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Accreditation is more than a simple stamp of approval. Sure, accredited facilities meet nationally recognized quality measures, implement evidence-based clinical practices and adhere to rigorous standards of safe patient care, but the true benefits stem from the process itself. Copper Ridge Surgery Center in Traverse City, Mich., has been accredited since opening its doors in 2004 and must seek reaccreditation every three years. "Going through the process is absolutely a tool for continuous process improvement," says Tina Piotrowski, MBA, BSN, RN, CASC, the facility's CEO. "It enables you to constantly assess your practices to see if they meet the standards. You then have an opportunity to improve areas where you fall short."
Ms. Piotrowski says it's important to immediately fix the deficits a surveyor observes. "Remedy them as soon as possible," she explains. "During your next reaccreditation survey, the surveyor will look back at the previous survey's notes and zero in on the opportunities for improvement to make sure they were taken care of."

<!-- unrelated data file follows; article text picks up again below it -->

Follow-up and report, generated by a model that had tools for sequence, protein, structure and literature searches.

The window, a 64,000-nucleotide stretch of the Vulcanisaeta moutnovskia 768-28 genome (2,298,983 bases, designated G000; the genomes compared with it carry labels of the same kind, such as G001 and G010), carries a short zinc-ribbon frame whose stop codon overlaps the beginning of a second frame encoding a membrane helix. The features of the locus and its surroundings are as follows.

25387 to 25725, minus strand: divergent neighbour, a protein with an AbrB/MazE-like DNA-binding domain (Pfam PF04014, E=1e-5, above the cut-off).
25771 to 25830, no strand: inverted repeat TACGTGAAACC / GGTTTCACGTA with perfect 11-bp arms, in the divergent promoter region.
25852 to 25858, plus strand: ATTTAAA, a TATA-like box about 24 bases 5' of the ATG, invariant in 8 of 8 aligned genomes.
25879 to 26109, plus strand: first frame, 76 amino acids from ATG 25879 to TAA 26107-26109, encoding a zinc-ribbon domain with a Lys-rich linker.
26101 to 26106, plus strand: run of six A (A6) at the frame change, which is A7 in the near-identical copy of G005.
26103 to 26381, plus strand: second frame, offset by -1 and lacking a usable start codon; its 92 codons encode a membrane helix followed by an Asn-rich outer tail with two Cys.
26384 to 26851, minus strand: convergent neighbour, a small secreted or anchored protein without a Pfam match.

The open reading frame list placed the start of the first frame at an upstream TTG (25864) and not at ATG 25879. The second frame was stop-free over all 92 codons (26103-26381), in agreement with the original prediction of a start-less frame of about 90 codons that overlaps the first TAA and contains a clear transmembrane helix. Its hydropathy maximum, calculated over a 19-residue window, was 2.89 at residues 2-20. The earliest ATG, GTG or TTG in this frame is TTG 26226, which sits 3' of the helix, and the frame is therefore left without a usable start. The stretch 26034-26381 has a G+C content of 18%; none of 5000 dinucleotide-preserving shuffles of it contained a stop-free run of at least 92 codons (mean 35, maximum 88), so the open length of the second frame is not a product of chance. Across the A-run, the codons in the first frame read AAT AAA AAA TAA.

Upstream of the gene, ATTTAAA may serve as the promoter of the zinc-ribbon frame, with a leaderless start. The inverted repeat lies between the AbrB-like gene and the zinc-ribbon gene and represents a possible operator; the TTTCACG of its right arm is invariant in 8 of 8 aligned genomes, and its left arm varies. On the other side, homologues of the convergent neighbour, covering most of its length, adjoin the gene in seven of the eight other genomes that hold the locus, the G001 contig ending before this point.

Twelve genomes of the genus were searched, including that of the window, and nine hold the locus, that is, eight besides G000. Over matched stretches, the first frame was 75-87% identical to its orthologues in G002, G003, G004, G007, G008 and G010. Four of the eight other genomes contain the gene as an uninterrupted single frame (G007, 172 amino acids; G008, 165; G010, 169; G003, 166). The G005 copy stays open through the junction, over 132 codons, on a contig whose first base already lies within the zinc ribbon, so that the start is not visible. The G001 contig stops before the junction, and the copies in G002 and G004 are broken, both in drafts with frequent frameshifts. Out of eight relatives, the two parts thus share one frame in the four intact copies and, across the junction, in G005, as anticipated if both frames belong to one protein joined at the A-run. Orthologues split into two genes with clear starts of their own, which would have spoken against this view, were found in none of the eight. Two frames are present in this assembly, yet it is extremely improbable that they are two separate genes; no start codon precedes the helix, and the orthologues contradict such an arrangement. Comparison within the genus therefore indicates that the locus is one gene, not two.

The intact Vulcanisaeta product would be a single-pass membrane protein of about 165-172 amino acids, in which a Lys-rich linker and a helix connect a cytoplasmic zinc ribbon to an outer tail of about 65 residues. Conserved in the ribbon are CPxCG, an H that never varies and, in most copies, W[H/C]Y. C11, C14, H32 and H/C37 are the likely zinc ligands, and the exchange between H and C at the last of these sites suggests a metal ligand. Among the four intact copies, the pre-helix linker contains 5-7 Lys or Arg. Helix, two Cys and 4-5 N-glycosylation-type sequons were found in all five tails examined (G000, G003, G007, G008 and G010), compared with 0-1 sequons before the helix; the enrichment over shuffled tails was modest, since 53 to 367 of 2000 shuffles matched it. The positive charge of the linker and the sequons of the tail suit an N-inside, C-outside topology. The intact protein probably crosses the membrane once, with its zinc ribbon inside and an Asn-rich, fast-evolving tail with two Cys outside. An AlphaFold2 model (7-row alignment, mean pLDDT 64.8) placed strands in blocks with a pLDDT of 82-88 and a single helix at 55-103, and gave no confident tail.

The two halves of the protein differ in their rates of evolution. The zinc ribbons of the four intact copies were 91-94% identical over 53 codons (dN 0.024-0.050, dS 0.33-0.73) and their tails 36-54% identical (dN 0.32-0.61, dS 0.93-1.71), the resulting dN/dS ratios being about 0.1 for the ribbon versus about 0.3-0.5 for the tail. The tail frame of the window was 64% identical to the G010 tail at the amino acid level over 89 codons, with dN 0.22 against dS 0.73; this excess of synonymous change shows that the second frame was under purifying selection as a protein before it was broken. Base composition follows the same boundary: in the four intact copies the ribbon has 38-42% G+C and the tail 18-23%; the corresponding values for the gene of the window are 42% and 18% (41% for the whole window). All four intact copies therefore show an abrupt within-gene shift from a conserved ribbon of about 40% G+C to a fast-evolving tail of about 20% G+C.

Ms. Piotrowski says her staff will typically start to prepare for reaccreditation about a year in advance. "Shortly after a survey is completed, you receive your findings and the decision letter," she says. "In addition, you receive a timeline for preparing for reaccreditation."
Review the latest standards and monitor new or revised directives in order to remain in compliance, recommends Ms. Piotrowski. "Try to be survey-ready all the time," she says. "That way, you can constantly determine if your center needs to conduct a mock survey, which is a helpful exercise, especially if you've implemented new protocols or added new staff members who haven't been through the survey process."
Preparing for a surveyor's visit is not a job for procrastinators or a responsibility one staff member can handle. "Designate a point person to lead an accreditation committee," says Ms. Piotrowski. "Pull a leadership team together that meets every few weeks and determine who's going to take ownership in making sure the staff and facility comply with the standards noted in each chapter of the accreditor's manual." Ms. Piotrowski notes that her facility's committee is not made up of only managers and supervisors — team members from different departments participate in the meetings. "It's important to involve frontline staff, so they can help revise policies and procedures," she says.